Shrinking Money Supply Undercuts “Soft Landing” Narrative
The better-than-expected non-farm payroll report for January along with the smaller interest rate hike delivered by the Federal Reserve at its February meeting increased optimism that the central bank can bring price inflation back to 2% without tanking the economy. But the shrinking money supply undercuts this soft landing narrative.
Money supply growth went negative for the first time in 28 years in November and fell again in December.
The money supply grew at an unprecedented rate during the pandemic. As Mises Institute senior editor Ryan McMaken pointed out in a recent article, between April 2020 and April 2021, money supply growth in the United States often climbed above 35% year over year. That was well above the “high” levels experienced from 2009 to 2013.
The last time year-over-year money supply growth went negative was in November 1994. Negative money supply growth continued for the next 15 months.
McMaken explains why this matters.
Money supply growth can often be a helpful measure of economic activity and an indicator of coming recessions. During periods of economic boom, money supply tends to grow quickly as commercial banks make more loans. Recessions, on the other hand, tend to be preceded by slowing rates of money supply growth. However, money supply growth tends to begin growing again before the onset of recession.”
McMaken points out that a declining money supply appears to be connected to yield-curve inversion, another recession signal.
For example, the 3s/10s yield spread often heads toward zero as money supply growth moves in the same direction. This was especially clear from 1999 through 2000, from 2004 to 2006, and during 2018 and 2019, and beginning in 2022. This is not surprising because trends in money supply growth have long appeared to be connected to the shape of the yield curve. As Bob Murphy notes in his book Understanding Money Mechanics, a sustained decline in TMS growth often reflects spikes in short-term yields, which can fuel a flattening or inverting yield curve.”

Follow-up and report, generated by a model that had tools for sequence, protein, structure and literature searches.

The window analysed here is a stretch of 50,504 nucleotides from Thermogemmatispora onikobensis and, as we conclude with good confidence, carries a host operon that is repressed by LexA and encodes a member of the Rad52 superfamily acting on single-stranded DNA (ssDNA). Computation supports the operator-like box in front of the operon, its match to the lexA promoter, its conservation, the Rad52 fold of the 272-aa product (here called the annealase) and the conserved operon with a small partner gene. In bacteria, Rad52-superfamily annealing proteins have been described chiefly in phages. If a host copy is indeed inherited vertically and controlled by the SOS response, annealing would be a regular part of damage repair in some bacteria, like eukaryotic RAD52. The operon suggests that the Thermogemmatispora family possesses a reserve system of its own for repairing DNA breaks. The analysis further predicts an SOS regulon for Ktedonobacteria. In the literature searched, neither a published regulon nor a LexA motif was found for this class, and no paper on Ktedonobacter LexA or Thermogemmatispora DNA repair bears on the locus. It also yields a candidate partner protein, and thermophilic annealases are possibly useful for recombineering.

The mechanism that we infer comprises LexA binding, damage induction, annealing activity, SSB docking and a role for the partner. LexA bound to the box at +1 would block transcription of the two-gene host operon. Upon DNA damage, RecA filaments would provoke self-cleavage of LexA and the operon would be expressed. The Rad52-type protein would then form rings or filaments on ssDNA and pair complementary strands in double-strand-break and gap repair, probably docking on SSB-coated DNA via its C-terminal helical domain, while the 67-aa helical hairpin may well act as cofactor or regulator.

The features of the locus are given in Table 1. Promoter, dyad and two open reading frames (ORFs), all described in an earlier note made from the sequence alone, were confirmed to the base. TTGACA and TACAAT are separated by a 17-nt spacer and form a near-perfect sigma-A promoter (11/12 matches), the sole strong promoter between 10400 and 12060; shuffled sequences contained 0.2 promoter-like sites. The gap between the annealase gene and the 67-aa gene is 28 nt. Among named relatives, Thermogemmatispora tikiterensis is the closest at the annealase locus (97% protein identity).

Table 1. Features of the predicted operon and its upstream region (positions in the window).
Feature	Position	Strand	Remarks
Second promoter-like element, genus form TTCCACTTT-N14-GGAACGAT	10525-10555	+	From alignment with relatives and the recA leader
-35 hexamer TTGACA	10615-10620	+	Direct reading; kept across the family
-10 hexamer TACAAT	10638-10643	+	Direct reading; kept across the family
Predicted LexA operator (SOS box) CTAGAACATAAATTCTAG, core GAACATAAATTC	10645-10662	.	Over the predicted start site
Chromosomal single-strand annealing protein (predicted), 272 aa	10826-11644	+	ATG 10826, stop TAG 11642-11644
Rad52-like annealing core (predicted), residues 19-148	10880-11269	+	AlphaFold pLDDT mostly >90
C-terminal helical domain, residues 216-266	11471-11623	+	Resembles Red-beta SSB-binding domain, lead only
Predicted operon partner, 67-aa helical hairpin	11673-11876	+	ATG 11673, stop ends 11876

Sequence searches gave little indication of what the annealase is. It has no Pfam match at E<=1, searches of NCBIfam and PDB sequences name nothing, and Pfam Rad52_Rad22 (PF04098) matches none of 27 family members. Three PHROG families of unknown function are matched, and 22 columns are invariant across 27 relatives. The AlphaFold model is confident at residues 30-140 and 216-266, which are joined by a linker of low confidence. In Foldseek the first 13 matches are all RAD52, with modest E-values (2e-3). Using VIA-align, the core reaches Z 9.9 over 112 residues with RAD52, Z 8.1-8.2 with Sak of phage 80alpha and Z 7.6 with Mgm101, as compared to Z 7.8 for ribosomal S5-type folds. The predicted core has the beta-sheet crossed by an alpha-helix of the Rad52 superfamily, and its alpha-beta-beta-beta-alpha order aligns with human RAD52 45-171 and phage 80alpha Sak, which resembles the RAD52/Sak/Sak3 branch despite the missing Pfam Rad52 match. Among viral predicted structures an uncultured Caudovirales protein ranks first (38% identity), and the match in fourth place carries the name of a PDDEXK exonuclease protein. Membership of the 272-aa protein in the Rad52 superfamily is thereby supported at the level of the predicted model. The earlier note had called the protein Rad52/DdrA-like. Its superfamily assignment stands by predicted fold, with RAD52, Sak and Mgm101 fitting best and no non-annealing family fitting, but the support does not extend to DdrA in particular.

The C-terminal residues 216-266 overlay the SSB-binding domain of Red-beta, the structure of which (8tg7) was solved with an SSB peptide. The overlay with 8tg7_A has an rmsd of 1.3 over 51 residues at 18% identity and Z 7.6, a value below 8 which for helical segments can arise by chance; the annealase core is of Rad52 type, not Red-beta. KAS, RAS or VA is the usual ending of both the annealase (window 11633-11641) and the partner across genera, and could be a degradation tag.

McMaken emphasized that it is not necessary for money supply growth to turn negative in order to trigger recession, defaults, and other economic disruptions.
With recent decades marked by the Greenspan put, financial repression, and other forms of easy money, the Federal Reserve has inflated a number of bubbles and zombie enterprises that now rely on nearly constant infusions of new money to stay afloat. For many of these bubble industries, all that is necessary for a crisis is a slowing in money supply growth, brought on by rising interest rates or a confidence crisis.
Numerous indicators now point toward recession along with the falling money supply and the inverted yield curve. The Leading Economic Index is in recession territory. Real wages have fallen for twenty-one months. Homebuilder confidence fell every month of 2022. The Philadelphia Fed’s manufacturing index has been negative since September. Home price growth has been cut in half. The fact that the money supply is actually shrinking serves as just one more indicator that the so-called soft landing promised by the Federal Reserve is unlikely to ever be a reality.
A SchiffGold analyst made a similar observation, saying, “The Fed may be confident in their rate hikes and the resiliency of the economy, but they are playing with serious fire. They have put the entire economy at risk for a major event as the liquidity has dried up extremely fast.”
The collapse in Money Supply has been sudden and epic. The risk this poses for the market at large cannot be understated. The Fed seems to be oblivious to the potential carnage it could cause. In 2018, it took interest rates of around 2.5% to bring the market to its knees. Rates are now almost double that. How much longer can things go on without a black swan event?”